One of the best parts of being a therapeutic massage therapist is helping a suffering client – and then witnessing his or her subsequent improvement. On the other hand, one of the most frustrating parts of this profession is working diligently with a client who does not seem to improve.

After intensive campaigning by a wide range of holistic health advocates, massage therapy is finally respected as a valid approach for an array of medical complaints. As such, clients may come in for regular bodywork to relieve a particular pain or improve an internal health issue. Because of bodywork’s therapeutic nature, massage therapists often find great success in helping clients meet their wellness goals. Unfortunately, monthly or weekly massage therapy visits may not always seem to make the impact the practitioner (or client) hopes for. Frustrating as it may be, any type of healthcare provider – be it a massage therapist, oncologist or neurosurgeon – must learn how to deal with disappointing results in a professional manner.

While they interplay with one another, considering the following five topics can guide therapists in dealing with clients who don’t seem to improve:

  1. Expand Your Repertoire – The human body harbors many complexities at a variety of different functional levels. As such, a collection of therapeutic approaches are often necessary to make a lasting systematic impact. For example, a chronic pain syndrome could involve scar tissue from an old injury, hypertonic musculature, a nutritional deficiency, improper ergonomics, continuance of aggravating activities and emotional depression. Employing strategies to address all of these impediments to wellness may be required to resolve the pain.
  2. Recognize Your Limitations – Helping clients in need can be a practice in humility; having reasonable expectations from your sessions and referring out when necessary. Besides giving therapists a way to measure improvement, identifying clear, reasonable goals prevents against unrealistic expectations. For example, a bodyworker may strive to ease a client’s tension to improve sleep, which is a more reasonable goal than planning to eliminate sleep apnea. Remembering that a problem is best addressed by approaching it from all angles, referring clients out to a specialist equipped to tackle their specific health issue may be necessary.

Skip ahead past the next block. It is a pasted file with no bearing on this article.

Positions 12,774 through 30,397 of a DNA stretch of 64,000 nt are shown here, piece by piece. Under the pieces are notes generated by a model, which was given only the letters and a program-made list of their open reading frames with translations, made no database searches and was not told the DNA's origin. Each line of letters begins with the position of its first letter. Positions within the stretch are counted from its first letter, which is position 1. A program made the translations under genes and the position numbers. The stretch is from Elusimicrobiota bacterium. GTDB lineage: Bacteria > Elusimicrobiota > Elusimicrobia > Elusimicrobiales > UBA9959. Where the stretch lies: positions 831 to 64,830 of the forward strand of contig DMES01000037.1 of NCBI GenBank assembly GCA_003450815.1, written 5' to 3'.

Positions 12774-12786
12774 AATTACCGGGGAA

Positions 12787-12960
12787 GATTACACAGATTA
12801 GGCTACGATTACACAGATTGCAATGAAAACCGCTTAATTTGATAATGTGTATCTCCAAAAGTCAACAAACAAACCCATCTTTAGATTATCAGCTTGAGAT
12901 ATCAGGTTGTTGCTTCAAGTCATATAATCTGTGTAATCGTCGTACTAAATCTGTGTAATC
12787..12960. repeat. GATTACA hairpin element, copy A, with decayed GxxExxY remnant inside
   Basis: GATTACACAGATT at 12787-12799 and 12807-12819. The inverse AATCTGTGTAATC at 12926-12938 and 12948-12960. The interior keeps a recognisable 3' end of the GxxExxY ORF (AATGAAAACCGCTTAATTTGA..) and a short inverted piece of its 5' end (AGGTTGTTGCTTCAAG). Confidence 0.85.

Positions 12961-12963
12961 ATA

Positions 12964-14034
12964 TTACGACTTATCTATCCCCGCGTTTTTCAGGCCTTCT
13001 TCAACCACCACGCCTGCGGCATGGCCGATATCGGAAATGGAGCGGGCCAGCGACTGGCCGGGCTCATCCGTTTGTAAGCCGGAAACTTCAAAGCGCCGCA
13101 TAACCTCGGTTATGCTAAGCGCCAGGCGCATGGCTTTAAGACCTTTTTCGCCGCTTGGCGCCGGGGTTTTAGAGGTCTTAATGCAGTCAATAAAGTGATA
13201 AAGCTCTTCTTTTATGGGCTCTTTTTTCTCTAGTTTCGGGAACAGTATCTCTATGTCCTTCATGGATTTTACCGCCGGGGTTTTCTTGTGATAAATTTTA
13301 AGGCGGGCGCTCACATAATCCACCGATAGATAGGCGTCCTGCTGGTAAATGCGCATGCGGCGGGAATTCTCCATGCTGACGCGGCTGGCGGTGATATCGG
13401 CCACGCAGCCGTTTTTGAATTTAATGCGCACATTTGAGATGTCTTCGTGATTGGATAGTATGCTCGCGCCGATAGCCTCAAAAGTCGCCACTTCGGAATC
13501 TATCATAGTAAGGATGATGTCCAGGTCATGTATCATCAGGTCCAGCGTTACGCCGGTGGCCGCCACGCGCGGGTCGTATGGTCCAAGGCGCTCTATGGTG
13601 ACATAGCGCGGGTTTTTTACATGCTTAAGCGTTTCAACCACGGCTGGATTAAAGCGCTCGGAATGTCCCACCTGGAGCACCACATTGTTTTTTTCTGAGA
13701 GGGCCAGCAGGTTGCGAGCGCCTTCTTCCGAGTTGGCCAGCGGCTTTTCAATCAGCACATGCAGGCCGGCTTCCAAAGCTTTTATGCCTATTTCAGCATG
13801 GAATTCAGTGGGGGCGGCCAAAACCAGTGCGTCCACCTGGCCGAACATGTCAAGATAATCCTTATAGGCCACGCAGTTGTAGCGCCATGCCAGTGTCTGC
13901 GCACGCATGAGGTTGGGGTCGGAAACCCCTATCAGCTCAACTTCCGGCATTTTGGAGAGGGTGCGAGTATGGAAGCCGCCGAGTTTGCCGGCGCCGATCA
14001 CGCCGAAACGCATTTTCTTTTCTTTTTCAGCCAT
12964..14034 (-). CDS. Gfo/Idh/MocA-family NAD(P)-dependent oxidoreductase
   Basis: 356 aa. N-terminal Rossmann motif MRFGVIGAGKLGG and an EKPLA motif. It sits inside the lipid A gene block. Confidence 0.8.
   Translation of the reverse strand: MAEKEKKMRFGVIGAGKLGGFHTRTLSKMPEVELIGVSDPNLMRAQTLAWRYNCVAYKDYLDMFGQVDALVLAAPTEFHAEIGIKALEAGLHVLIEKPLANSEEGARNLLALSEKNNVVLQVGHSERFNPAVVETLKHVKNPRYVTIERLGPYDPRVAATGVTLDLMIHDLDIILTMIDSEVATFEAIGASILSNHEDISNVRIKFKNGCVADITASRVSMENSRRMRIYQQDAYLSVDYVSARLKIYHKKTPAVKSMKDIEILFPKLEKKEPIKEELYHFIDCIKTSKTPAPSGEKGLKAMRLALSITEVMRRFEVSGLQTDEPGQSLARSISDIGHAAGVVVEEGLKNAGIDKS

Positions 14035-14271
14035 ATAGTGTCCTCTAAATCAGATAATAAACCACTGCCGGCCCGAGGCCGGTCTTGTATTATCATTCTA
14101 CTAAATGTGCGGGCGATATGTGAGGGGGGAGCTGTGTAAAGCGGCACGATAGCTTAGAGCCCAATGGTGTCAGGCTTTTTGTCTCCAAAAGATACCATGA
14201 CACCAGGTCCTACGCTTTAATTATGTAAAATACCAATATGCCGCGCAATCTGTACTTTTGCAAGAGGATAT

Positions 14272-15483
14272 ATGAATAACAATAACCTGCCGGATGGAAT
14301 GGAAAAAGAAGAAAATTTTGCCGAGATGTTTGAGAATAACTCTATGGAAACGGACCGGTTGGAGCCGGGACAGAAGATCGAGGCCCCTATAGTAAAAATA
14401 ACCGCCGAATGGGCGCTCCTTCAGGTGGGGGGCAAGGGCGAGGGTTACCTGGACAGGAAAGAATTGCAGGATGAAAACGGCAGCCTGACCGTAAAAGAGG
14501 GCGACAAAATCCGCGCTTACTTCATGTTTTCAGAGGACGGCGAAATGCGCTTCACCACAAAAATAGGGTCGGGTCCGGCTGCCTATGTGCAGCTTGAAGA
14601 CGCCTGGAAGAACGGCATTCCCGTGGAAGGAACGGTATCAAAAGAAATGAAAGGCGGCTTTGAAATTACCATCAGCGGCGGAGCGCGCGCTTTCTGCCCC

3. Be Patient – Most people do not seek therapeutic massage therapy for a newly discovered problem. Instead, it is more likely that they have lived with an ailment for a considerable amount of time before taking action. Of course, the longer a problem persists, the more chronic it becomes. Likewise, the more chronic a problem is, the more strategies are needed, the more frequent sessions are advised and the longer it takes to see a lasting improvement.
  4. Find the Positive – Do not underestimate the power of a positive attitude – or devalue the harm in a negative one. Clients who are acutely tuned in to their pain and suffering are unwittingly perpetuating the cycle of pain and suffering. Helping clients see the progress they’ve made can jumpstart them on their healing path. For example, a client may report no improvement on his or her ability to drive long distances without hip pain. However, the client may not notice or report the positive impact of your massage sessions – such as a reduction in leg tingling and improved range of motion in the lumbar region. Helping clients see the beneficial effects of the work being performed goes a long way in restoring the hope and positive attitude needed for any kind of recovery.
  5. Admit Zero Progress – One of the hardest aspects of the health professions is acknowledging when no improvement has been made. Acceptable only after employing different healing approaches, setting reasonable goals, referring out, being patient and maintaining positivity, some patients may not make any improvement. In these instances, a practitioner’s best bet is to acknowledge that he or she may not be the right practitioner for this person while simultaneously encouraging the client not to give up on his or her quest for wellness.

A drawback of any medical profession is not always seeing the results hoped for. It can happen to any skilled practitioner. Regardless of how focused the therapist’s healing intentions are, some clients don’t seem to improve. When bodyworkers maximize their ability to help clients and recognize when they can’t, this professional hurdle will finally be cleared.